Anyway, I decided to ask my mom and my grandmother about it and they told me a few legends. (I rewatched the episode "Alpha" too) All my mom and my grandmother told me was that the Wan Sheng Dhole was a type of dog and that it did die out due to hunting. It was a rare breed of dog with 5 toes and very unusual eyes. My grandmother believed that they were murderous men who had been cursed to walk the earth in the form of a dog…. Anyway, my mother told me to ask my grandfather about it (He is a Shinto Priest in Taiwan) I Realize this thread is almost a decade old now but I figured I might as well give some information incase anyone was interested.
Huiyuan began studying the Zhuangzi and Laozi at a young age, as well as the teachings of Confucius. However, at the age of 21 he was converted in Hebei Province by the Buddhist Dao An, who was a Chinese disciple of a Kuchan missionary. Hearing the sermons of Dao An convinced Huiyuan to "leave the family" and embark on a life of Buddhist teachings.[1] Later, he became a patriarch of Donglin Temple (East Forest Temple) at Mount Lushan. His teachings were various, including the vinaya (戒律), meditation (禪法), abhidharma and Prajna or wisdom. Although Huiyuan did not take the initiative in establishing the relations with the secular world, he had contacts with court and gentry families. Huiyuan was on two occasions invited by the dictator Huan Xuan to take part in the discussions about the status of the clergy and Huiyuan defended the independence of the clergy. Members of the cultured classes came to live on Mount Lu as Huiyuan's lay disciples to take part in the religious life. Besides his teaching and interaction with lay followers of the Buddhist faith, he also upheld a learned correspondence with the monk Kumarajiva.[2]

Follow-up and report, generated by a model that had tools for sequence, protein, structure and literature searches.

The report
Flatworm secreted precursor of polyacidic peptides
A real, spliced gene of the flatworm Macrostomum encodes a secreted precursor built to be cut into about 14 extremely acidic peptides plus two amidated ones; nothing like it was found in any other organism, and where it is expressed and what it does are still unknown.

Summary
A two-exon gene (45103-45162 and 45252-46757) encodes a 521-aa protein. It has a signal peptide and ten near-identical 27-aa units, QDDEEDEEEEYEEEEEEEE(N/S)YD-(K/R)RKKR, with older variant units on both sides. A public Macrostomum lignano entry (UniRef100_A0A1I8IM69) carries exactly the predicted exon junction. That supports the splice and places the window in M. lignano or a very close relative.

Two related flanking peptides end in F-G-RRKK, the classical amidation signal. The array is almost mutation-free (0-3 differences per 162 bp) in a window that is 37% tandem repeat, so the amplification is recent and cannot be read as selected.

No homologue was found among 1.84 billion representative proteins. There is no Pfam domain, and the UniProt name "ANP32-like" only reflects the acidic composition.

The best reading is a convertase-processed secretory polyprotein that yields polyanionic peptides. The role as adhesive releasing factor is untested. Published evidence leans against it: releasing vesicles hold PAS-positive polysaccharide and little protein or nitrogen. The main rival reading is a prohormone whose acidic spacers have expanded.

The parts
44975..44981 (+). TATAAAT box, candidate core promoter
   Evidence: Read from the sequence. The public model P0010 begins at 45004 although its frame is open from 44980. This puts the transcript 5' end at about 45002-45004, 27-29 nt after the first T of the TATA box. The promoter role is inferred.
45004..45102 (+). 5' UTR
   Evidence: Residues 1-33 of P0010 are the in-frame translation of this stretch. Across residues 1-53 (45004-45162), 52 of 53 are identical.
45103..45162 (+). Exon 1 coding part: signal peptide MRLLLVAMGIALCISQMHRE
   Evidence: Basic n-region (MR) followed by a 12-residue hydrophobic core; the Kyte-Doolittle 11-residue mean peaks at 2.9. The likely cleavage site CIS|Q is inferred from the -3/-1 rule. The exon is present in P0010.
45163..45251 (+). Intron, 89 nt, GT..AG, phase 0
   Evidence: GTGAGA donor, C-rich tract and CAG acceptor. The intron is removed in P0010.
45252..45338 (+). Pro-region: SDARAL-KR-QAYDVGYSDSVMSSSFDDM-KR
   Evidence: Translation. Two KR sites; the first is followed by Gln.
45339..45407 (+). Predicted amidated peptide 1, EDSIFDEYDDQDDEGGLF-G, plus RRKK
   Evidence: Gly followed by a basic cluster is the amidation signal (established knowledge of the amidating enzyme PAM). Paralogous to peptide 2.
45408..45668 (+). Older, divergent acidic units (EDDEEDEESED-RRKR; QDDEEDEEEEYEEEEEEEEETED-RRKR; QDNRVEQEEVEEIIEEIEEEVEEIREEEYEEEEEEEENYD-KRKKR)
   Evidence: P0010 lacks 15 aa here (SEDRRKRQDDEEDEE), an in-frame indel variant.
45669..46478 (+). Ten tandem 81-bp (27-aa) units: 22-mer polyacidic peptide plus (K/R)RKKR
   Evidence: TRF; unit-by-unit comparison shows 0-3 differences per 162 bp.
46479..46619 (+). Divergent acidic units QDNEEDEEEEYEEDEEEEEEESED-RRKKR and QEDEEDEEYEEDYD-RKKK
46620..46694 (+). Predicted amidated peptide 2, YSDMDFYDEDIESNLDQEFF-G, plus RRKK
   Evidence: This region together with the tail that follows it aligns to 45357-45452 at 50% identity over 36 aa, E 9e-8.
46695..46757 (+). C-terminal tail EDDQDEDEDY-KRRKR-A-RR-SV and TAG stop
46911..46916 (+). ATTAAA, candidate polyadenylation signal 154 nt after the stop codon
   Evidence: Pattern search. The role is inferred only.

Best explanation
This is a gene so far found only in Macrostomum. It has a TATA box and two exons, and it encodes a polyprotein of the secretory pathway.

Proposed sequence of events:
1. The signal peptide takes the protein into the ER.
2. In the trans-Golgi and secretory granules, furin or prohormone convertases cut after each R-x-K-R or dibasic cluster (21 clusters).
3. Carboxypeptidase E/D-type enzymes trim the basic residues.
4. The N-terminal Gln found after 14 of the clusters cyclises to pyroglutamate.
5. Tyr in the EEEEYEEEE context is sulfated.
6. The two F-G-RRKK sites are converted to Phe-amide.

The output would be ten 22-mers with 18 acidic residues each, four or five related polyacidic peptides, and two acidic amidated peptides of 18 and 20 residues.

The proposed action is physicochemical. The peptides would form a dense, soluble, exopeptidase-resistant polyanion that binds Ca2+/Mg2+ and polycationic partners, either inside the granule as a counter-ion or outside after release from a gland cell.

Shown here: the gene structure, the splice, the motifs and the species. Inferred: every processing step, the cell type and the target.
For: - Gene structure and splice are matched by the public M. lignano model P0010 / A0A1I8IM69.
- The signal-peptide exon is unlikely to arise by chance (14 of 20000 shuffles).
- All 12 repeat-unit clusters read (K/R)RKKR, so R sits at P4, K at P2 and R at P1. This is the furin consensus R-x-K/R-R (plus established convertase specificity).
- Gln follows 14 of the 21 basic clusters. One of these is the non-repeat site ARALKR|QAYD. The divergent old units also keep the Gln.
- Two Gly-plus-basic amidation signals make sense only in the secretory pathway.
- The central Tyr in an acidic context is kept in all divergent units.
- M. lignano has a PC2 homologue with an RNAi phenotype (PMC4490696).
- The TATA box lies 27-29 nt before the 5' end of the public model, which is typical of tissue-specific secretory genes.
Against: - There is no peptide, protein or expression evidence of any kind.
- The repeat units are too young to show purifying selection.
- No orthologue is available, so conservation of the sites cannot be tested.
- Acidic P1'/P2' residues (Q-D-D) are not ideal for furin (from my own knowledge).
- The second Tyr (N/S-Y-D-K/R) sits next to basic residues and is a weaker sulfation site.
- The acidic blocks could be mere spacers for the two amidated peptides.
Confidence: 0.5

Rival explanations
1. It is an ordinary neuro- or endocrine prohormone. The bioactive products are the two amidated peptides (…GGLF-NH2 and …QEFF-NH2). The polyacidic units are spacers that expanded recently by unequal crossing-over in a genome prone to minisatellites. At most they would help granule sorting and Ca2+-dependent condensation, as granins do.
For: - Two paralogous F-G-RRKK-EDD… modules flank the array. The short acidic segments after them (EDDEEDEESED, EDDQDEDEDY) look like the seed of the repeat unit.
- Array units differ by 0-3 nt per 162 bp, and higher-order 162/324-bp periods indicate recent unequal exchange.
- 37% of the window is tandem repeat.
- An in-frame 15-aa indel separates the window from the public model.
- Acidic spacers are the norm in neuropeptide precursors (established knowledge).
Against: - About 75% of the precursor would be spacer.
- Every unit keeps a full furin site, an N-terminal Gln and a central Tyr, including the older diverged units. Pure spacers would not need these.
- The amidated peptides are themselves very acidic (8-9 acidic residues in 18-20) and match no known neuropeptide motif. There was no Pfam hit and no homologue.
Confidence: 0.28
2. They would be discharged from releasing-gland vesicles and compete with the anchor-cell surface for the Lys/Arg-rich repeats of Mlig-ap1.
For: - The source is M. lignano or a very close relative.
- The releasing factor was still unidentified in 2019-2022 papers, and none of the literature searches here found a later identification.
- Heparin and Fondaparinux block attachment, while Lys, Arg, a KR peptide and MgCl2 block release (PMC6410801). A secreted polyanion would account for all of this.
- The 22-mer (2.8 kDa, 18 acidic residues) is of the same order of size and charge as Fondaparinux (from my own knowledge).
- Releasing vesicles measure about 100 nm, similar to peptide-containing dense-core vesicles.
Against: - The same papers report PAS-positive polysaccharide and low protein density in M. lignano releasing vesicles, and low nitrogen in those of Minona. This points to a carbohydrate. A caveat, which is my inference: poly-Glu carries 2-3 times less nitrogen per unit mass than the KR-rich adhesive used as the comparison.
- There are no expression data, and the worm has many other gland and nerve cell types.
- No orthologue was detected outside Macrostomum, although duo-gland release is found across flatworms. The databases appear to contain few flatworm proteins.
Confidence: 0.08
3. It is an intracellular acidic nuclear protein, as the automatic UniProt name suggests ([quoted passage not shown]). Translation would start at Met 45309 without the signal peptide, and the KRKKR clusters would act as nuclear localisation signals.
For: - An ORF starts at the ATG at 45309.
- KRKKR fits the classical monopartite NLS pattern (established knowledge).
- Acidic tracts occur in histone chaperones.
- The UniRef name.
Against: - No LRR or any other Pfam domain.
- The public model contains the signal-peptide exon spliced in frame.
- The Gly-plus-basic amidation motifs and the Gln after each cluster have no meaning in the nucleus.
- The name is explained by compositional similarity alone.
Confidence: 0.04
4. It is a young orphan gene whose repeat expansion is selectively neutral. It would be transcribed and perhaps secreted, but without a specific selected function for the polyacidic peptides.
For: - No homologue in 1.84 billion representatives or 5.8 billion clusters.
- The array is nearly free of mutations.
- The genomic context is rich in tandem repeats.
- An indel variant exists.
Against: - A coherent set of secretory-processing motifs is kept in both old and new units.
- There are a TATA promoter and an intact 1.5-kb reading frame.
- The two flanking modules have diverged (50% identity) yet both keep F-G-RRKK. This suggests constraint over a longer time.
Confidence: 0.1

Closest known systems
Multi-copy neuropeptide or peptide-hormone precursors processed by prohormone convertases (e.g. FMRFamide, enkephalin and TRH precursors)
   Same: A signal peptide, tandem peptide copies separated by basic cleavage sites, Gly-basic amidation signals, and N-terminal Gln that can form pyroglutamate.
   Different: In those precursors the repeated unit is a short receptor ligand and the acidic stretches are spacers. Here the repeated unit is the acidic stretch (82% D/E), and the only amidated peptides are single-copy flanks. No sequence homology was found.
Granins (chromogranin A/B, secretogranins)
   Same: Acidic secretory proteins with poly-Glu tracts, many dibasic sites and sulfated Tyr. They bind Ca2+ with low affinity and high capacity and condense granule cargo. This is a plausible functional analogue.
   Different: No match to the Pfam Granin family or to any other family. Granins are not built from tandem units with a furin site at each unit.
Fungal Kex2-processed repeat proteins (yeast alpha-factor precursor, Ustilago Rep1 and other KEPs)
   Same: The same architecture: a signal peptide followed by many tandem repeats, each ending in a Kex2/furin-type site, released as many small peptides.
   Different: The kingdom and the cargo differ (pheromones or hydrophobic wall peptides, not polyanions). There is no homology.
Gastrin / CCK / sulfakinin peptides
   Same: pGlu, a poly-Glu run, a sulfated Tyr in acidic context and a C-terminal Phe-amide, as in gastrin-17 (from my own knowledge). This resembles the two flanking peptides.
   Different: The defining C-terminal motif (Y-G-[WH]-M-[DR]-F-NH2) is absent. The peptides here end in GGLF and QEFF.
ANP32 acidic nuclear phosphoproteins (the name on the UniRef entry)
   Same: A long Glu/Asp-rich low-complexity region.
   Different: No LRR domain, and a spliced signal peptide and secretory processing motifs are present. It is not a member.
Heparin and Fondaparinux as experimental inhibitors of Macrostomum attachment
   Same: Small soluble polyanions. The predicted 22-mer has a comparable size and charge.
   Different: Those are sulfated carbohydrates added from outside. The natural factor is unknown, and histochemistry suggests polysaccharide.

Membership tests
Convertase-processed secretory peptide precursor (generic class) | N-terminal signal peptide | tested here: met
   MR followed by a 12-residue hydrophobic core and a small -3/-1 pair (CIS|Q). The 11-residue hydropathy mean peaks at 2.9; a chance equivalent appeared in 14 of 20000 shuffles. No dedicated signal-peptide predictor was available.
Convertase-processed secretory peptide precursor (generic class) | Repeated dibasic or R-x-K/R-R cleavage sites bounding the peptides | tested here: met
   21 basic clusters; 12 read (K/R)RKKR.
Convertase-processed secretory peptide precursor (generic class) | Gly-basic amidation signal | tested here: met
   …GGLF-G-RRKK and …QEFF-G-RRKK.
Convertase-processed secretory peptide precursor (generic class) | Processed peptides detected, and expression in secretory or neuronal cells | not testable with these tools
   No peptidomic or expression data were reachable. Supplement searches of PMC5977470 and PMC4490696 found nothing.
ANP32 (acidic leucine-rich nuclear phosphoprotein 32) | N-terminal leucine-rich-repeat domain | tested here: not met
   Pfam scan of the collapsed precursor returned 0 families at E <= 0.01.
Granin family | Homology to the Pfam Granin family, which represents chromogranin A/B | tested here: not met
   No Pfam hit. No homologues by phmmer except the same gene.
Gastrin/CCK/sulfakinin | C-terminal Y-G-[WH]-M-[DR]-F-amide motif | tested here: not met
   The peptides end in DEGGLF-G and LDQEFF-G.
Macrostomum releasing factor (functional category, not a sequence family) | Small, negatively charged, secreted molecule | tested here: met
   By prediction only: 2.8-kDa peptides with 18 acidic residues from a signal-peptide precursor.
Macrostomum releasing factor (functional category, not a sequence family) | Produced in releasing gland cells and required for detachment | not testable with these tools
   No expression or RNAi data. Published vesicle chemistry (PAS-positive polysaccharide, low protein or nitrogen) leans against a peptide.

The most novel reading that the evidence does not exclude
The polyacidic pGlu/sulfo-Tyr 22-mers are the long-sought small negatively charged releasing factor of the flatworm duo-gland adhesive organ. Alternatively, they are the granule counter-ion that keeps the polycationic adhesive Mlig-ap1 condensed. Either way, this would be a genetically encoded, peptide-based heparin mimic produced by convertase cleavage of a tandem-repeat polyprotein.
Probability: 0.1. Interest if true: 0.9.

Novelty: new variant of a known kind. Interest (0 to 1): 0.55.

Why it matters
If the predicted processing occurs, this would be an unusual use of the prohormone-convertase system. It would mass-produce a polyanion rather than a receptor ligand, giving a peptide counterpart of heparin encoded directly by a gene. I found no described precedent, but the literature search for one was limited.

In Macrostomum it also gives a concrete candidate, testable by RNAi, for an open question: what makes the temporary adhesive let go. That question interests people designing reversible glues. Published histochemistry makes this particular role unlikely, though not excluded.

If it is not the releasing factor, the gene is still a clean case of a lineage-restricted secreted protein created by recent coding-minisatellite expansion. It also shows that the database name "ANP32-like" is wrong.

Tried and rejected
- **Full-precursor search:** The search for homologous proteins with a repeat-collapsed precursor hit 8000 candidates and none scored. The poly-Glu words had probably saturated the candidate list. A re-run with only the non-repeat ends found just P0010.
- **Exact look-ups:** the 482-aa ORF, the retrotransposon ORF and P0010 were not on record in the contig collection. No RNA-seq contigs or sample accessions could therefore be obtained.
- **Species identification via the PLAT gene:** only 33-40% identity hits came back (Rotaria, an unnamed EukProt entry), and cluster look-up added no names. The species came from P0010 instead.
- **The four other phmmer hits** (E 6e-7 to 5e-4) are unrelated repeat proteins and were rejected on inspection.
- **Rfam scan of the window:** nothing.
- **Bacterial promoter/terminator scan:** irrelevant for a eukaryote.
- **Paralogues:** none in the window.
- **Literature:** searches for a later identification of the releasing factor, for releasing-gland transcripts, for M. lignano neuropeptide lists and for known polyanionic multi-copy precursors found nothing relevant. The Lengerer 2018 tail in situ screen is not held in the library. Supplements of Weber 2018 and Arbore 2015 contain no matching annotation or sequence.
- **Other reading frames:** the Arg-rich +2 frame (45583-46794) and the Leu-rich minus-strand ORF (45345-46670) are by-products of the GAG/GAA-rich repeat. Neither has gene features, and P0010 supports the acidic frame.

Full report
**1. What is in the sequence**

China Huiyuan Juice Group Limited (Chinese: 中国汇源果汁集团有限公司; pinyin: Zhōngguó Huìyuán Guǒzhī Jítuán Yǒuxiàn Gōngsī) (SEHK: 1886), established in 1992 and headquartered in Beijing, is the largest privately owned juice producer in China.[1] It is engaged in the manufacture and sales of juice and other beverage products. Its products include fruit juice and vegetable juice, nectars, bottled water, tea, and dairy drinks.[2]
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Ethics , Ethics Buddhist canonical texts have no term that directly translates into the English word ethics; the closest term is śīla (moral discipline). Śīla… Miracles , The English word miracle (from the Latin miraculum, meaning "object of wonder") has traditionally been used in a Christian context to refer to an ext… Central Asia , Unlike most regions of the world, there is no universally accepted definition of what constitutes "Central Asia." The region will be defined in this… Asoka , AŚOKA (Skt.; Pali and Prakrit, Asoka), the third and most powerful of the Mauryan emperors who once dominated the Indian subcontinent (fourth to thir… Buddhist Literature , Perfection of Wisdom literature (Prajñāpāramitā). This Buddhist literature was composed over a long period, the nucleus of the material appearing fro… Korea , Korea Korean Buddhism must be considered within the larger context of the East Asian MahĀyĀna tradition. Broadly speaking, the creative period of Chi…
Name: 慧缘素食坊, address 黄浦区淮海东路49号(近地铁8号线大世界站). Spacious interior with Wi-Fi. Groups of 6-12 can be served at a round table on 2nd floor. Orders over a certain amount (500RMB at Jul 2019) can be served in private room. Directions: take exit 2 from the station (next to Starbucks), then take the second left. Restaurant is on the RHS. Note: Due to issues with our map providers in China the marker may not be accurate. Open Mon-Sun 11:00am-9:00pm. Last orders at 8:30pm.